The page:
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Lawmakers Differ Over Common Core Fix

There’s continued dissatisfaction over the state’s implementation of the new Common Core standards, which parents, students and teachers have complained has led to too much testing. There’s disagreement, though, in the state legislature over how to fix it.

The fast tracking of the new national Common Core standards set off a near rebellion last fall, as parents, teachers and students voiced their concerns at often raucous meetings with state education officials. They complained that teachers had not had enough time or support, to prepare adequately. They also said the rapid adoption of a new teacher evaluation system led to excessive testing of students.

Some, including the teachers union, are looking to the legislature to provide a fix.

New York State United Teachers President Richard Iannuzzi says lawmakers should approve a moratorium that would allow three more years for schools to fully adopt the Common Core standards and the accompanying tests.   

“We have been attempting to deal with the implementation process and have been unsuccessful,” Iannuzzi said, who said the moratorium would give an opportunity to  “step back and really get it right."

The teachers union has won some support in the State Senate. At least two Senate Republicans, who rule the Senate in a coalition government, support delaying the impact of Common Core for another three years. The Senate Education Chair, John Flanagan, has proposed several bills, including a ban of testing of children in the second grade and younger, and a reduction of testing used to evaluate teachers. Those bills advanced in the Senate Education committee during the first days of the session.         

In the Assembly, Speaker Sheldon Silver agrees that the Common Core is going too fast.

“I think there needs to be a slower implementation,” said Silver said, who said teachers need more training.

But Silver says he prefers to leave it to the state Board of Regents and the Education Chancellor, Meryl Tisch, to resolve the problems. Chancellor Tisch has formed a Regents subcommittee that will report back at the end of February.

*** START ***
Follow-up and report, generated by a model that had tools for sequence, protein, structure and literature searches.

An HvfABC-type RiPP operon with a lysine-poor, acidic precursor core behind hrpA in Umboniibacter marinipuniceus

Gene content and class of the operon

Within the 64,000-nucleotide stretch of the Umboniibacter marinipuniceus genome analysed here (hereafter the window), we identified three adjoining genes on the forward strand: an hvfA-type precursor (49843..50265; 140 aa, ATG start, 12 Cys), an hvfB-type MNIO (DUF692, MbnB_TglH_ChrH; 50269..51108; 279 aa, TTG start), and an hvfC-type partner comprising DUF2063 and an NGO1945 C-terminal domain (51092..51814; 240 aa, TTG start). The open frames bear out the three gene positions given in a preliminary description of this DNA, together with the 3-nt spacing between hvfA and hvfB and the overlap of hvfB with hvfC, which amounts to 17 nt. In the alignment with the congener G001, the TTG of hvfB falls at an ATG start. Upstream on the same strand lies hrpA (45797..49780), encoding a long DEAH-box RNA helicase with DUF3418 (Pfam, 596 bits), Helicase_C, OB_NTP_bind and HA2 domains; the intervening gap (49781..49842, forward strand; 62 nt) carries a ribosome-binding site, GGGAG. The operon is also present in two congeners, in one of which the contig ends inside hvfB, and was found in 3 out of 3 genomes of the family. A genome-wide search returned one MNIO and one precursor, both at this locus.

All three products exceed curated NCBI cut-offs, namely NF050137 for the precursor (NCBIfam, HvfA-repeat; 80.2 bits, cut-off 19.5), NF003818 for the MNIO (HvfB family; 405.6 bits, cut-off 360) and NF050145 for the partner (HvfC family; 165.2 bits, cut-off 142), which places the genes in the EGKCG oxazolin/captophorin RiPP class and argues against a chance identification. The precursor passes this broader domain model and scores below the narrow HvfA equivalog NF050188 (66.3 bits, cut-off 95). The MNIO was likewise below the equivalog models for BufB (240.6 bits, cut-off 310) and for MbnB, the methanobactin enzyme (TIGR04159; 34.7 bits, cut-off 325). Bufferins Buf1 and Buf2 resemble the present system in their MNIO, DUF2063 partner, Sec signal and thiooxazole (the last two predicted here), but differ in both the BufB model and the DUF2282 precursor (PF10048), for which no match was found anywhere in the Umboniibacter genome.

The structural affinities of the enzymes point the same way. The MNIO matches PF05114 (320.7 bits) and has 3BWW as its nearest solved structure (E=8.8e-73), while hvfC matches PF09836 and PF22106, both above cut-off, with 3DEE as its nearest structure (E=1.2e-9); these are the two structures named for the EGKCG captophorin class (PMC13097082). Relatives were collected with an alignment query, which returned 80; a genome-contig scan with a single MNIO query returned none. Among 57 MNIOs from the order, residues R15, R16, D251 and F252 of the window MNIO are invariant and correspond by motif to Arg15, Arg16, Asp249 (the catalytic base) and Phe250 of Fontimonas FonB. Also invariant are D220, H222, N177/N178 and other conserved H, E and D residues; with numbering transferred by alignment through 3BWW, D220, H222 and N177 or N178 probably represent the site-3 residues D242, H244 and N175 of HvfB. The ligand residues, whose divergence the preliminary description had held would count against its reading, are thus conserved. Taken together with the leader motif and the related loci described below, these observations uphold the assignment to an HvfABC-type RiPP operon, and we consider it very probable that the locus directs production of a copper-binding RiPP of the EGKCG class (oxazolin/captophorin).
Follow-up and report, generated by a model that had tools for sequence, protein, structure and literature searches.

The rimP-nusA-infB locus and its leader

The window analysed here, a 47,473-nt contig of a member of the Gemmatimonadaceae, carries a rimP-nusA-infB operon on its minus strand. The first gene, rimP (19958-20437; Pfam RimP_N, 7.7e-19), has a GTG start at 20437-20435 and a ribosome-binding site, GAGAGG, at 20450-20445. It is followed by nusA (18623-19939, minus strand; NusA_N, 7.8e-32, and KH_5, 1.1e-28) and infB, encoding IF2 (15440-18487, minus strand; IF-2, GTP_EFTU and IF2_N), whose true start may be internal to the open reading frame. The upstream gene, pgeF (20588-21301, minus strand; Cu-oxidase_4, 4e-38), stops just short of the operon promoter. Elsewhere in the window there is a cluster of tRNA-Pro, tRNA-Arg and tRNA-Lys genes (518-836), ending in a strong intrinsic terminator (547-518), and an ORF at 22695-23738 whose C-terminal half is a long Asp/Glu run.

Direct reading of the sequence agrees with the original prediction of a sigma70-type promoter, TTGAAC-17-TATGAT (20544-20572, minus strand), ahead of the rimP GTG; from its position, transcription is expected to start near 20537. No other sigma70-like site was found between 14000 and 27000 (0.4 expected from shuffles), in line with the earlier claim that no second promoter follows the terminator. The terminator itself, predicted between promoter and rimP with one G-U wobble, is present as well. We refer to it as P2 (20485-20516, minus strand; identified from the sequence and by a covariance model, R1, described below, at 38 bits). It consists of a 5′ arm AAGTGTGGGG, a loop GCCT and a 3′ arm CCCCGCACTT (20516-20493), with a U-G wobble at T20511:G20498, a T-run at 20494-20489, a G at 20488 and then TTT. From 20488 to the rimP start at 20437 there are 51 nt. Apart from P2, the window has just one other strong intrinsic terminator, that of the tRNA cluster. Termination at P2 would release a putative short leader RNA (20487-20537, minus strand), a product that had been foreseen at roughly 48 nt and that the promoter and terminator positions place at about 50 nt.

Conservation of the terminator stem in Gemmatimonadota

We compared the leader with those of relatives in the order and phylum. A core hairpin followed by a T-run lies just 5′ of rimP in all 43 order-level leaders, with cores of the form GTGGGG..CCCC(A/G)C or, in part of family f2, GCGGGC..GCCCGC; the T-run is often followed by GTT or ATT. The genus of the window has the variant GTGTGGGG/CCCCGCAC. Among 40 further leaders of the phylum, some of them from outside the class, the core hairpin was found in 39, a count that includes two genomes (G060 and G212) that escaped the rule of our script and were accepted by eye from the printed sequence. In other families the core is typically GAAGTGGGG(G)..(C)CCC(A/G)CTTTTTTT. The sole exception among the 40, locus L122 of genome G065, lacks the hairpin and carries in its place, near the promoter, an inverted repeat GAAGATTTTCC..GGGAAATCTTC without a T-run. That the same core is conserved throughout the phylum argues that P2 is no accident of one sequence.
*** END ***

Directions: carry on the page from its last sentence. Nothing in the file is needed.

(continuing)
“I await their determination,” said Silver. “I think it’s something that belongs in the purview of the Regents.”

The State Board of Regents sets policy for schools and chooses the education commissioner. The Regents are selected in a vote by both houses of the legislature each year. But, since Assembly Democrats have the largest numerical faction, they have the most influence on Regents appointments. Silver is also a close ally of Chancellor Tisch.

The Speakers says he’ll consider legislation after the Regents issue their report, if the Regents believe it’s necessary.

Governor Cuomo, who has no direct influence over the state education department, initially supported fast tracking Common Core. More recently he’s said legislation might be needed.  Cuomo gave only passing reference to the issue in his State of the State message, and a commission that he appointed on education policy issued a report that stayed off the subject altogether.

Tensions have risen so high that the teacher’s union plans to hold a vote of no confidence in the Regent’s chosen education commissioner, John King. NYSUT President Iannuzzi says King has not taken the concerns seriously enough.

“You get to the point where you have no confidence in his ability to lead us in the right direction,” Iannuzzi said.

But so far, no one else has been willing to take that tact. Speaker Silver, saying he has “confidence” in Commissioner King, adds that it’s “not about unions, this is about the children." 

Karen DeWitt is Capitol Bureau chief for New York State Public Radio, a network of public radio stations in New York state. She has covered state government and politics for the network since 1990.
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